Sure the North County Times doesn’t exist anymore. And yes the new U-T regime has drastically cut the news staff that covers North County.
But the paper that once won a Pulitzer for exposing Congressman Cunningham’s corruption still has some journalism juice left.
Aaron Burgin is part of the U-T’s Watchdog team. He exposed the fact that the OUSD (Oceanside Unified School District) spent $130,000 in Title Funds that were earmarked for low-income students to send 61 administrators and teachers to a four-day conference at a Washington D.C. resort.
OUSD superintendent Larry Perondi told me that yes, they could have spent it on materials or equipment for students, but that he instead chose to spend the money on this four-day retreat to make sure the district had “highly informed teachers.”
It’s good to know Libby and Mission Elementary have all the computers they need.
The district was given the grant at the beginning of the year, and Perondi had until July 1 to spend it. The kicker is that Perondi says that if he made the early reservations in February, he would save the district a whole lot of money.
Perondi was not sure how much that amount was. But it doesn’t matter. That’s still $130,000 in learning resources we could have had for our students that has been frittered away on a four-day resort/conference.
It is obvious that the five members of the OUSD school board signed off on this.
Good work Mr. Burgin. I can only hope you and the rest of the U-T’s Watchdog team will still be around to do your quality investigative work.
It’s a small world
Angela Webster has been teaching ESL (English as a Second Language) at MiraCosta since 1987. She is fluent in Spanish, but admits she is not conversant with the Vietnamese monks she teaches. Her pupils also include Chinese, Taiwanese, Iranian and Ethiopian students, all who are attracted to MiraCosta’s famed ESL department.
Webster says she uses visuals, repetition, role-playing and videos to teach her students at her eight-week courses.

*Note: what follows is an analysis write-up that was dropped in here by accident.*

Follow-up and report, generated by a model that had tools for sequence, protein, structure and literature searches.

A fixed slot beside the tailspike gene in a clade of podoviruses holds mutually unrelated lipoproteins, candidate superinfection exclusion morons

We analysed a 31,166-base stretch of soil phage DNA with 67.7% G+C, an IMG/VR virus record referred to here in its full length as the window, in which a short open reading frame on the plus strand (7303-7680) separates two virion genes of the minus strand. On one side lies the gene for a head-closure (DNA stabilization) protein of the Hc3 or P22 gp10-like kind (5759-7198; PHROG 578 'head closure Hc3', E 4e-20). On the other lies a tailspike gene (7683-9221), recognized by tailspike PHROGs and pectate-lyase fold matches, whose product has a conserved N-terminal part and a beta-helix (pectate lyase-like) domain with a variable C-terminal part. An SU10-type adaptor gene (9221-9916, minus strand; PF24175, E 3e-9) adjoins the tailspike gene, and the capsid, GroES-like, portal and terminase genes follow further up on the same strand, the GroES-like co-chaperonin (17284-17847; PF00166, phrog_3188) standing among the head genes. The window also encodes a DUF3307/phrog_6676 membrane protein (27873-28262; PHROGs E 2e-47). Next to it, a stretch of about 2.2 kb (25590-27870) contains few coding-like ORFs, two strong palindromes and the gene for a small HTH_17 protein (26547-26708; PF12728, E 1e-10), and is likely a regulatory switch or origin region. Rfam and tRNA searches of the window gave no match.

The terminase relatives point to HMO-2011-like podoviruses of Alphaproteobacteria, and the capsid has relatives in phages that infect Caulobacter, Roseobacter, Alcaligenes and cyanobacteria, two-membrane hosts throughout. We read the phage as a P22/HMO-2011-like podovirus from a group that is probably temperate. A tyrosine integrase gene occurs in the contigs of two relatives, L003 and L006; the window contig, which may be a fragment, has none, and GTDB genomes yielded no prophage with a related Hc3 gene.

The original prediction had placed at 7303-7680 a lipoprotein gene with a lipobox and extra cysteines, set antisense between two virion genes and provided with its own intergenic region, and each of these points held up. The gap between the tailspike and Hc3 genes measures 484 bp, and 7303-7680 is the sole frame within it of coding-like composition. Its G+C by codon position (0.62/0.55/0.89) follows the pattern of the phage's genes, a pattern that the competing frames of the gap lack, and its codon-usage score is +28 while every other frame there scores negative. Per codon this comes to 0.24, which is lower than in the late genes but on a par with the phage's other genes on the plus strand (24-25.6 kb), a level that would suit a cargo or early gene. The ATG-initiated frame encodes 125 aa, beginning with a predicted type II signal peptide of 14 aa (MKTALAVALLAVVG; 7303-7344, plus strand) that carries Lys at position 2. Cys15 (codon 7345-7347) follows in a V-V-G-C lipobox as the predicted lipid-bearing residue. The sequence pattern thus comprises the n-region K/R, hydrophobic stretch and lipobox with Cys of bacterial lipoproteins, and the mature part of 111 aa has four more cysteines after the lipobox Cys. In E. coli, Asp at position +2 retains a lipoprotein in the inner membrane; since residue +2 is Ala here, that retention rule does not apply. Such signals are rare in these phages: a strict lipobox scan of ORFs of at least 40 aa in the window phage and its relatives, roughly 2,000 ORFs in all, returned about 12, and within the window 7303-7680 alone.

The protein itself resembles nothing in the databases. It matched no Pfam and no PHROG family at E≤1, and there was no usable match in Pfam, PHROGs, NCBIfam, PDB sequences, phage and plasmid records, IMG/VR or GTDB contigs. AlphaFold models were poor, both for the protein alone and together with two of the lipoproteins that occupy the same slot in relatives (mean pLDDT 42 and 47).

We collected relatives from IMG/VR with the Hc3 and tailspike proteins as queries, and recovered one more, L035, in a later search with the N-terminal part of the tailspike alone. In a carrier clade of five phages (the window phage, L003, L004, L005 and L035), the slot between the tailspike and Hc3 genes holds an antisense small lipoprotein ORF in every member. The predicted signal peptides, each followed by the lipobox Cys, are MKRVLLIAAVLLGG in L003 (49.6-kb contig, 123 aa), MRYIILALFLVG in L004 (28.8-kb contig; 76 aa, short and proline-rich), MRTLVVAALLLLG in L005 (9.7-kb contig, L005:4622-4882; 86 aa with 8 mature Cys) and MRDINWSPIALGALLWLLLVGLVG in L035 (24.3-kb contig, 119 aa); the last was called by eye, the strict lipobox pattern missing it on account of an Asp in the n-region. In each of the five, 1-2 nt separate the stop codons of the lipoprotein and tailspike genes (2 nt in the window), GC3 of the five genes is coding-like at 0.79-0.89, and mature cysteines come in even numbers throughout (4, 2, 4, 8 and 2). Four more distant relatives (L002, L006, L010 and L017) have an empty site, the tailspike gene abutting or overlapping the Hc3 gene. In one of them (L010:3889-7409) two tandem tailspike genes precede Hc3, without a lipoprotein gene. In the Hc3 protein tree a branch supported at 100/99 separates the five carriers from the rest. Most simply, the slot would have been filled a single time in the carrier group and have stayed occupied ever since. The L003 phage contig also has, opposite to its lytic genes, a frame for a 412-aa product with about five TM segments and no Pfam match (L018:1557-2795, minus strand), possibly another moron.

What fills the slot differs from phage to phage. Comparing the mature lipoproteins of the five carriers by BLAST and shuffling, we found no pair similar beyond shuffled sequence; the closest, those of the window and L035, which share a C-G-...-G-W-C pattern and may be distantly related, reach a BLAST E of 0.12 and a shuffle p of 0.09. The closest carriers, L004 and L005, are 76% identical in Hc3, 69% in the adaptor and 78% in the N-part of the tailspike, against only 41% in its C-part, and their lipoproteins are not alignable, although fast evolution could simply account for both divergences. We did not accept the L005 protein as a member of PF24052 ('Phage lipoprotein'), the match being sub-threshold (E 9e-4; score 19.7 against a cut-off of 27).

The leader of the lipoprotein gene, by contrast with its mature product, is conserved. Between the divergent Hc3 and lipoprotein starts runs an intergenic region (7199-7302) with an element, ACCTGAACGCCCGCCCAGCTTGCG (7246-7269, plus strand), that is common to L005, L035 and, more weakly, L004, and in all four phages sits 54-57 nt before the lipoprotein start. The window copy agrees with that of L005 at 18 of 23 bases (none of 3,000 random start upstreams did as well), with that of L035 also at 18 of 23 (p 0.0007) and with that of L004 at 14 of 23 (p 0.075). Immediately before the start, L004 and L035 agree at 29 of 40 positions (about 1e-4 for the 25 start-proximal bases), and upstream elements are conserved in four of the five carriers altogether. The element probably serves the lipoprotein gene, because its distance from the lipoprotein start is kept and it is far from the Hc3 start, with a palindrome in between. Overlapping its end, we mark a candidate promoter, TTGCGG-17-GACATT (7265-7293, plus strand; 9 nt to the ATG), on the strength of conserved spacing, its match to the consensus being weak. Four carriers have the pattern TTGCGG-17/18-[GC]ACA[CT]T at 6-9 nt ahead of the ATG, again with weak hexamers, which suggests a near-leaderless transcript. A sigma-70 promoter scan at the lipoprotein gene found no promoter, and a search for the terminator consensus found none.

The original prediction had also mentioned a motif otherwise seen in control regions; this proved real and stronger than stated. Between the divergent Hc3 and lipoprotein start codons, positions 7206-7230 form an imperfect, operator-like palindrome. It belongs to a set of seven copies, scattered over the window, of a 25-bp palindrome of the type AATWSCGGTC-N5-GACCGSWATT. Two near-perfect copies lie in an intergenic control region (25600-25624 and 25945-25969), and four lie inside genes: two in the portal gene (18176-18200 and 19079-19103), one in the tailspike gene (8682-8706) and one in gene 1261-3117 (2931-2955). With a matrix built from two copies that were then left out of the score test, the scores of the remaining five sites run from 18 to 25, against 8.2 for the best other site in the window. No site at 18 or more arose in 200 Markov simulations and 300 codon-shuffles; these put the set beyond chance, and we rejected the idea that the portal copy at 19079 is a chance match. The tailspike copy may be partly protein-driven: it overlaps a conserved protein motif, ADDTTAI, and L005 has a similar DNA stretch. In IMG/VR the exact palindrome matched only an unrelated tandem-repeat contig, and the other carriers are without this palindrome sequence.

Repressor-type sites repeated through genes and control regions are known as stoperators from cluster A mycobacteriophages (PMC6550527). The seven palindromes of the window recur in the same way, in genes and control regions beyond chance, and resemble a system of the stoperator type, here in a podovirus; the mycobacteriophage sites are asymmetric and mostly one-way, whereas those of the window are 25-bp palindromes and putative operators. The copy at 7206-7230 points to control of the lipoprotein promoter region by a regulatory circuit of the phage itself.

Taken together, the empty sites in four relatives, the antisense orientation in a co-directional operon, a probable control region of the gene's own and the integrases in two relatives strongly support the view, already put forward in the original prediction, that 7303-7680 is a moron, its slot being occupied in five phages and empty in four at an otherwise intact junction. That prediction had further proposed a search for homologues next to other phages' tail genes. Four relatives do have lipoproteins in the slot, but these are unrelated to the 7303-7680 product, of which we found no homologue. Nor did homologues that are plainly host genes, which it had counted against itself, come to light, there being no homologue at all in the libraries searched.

She gets her students to help with two different beach cleanups each year. One is in September and the other is right after July 4 at the Harbor beaches.
“One of our students was told it was free parking where he parked, but he was given wrong information,” says Webster. “He got a $58 parking ticket. I feel terrible. Here he was doing something good for the community. His daughter paid the ticket but we are appealing it. Oceanside is famous for giving parking tickets.”
Oceanside continues to evolve as a craft beer mecca. Oceanside Ale Works, our first in-town brewery, is planning to open a beer tasting room at 507 N. Coast Highway. The seven-year old brewery will still maintain its brewery and tasting room at an industrial park off of Oceanside Boulevard. This new tasting room to be called Surfside Taproom will only serve OAW product (just as Stone Brewery’s satellite tasting room on Tremont Street only serves Stone product).
The OAW adjunct is planned for 507 N. Coast Highway where Ocean Breeze Flowers has been based for six years. The only problem is that Ocean Breeze says it still has five years left on its lease. This could get interesting.
Across the street from Ocean Breeze is Jitters Coffee, which many locals know serves up great breakfasts on weekends and fresh java all week long. Local singer/songwriter Jason Mraz, who has lived in east Oceanside for years, has become a regular at Jitters. His presence has apparently attracted other big names passing through Oceanside, including actor Neil Patrick Harris and singer Colbie Caillat.
Word has it that the building that housed the old Vaughan’s Market on Coast Highway (across the street from Anita’s) has been purchased by Las Vegas developers who will convert it to a restaurant.
And while there is no activity at the old Mira Mar restaurant building (where Highway 76 dumps into Coast Highway), the adjacent lot on the corner of Neptune and Coast Highway will soon be auctioned off to the highest bidder by the city of Oceanside which owns that parcel. Look for commercial or mixed use.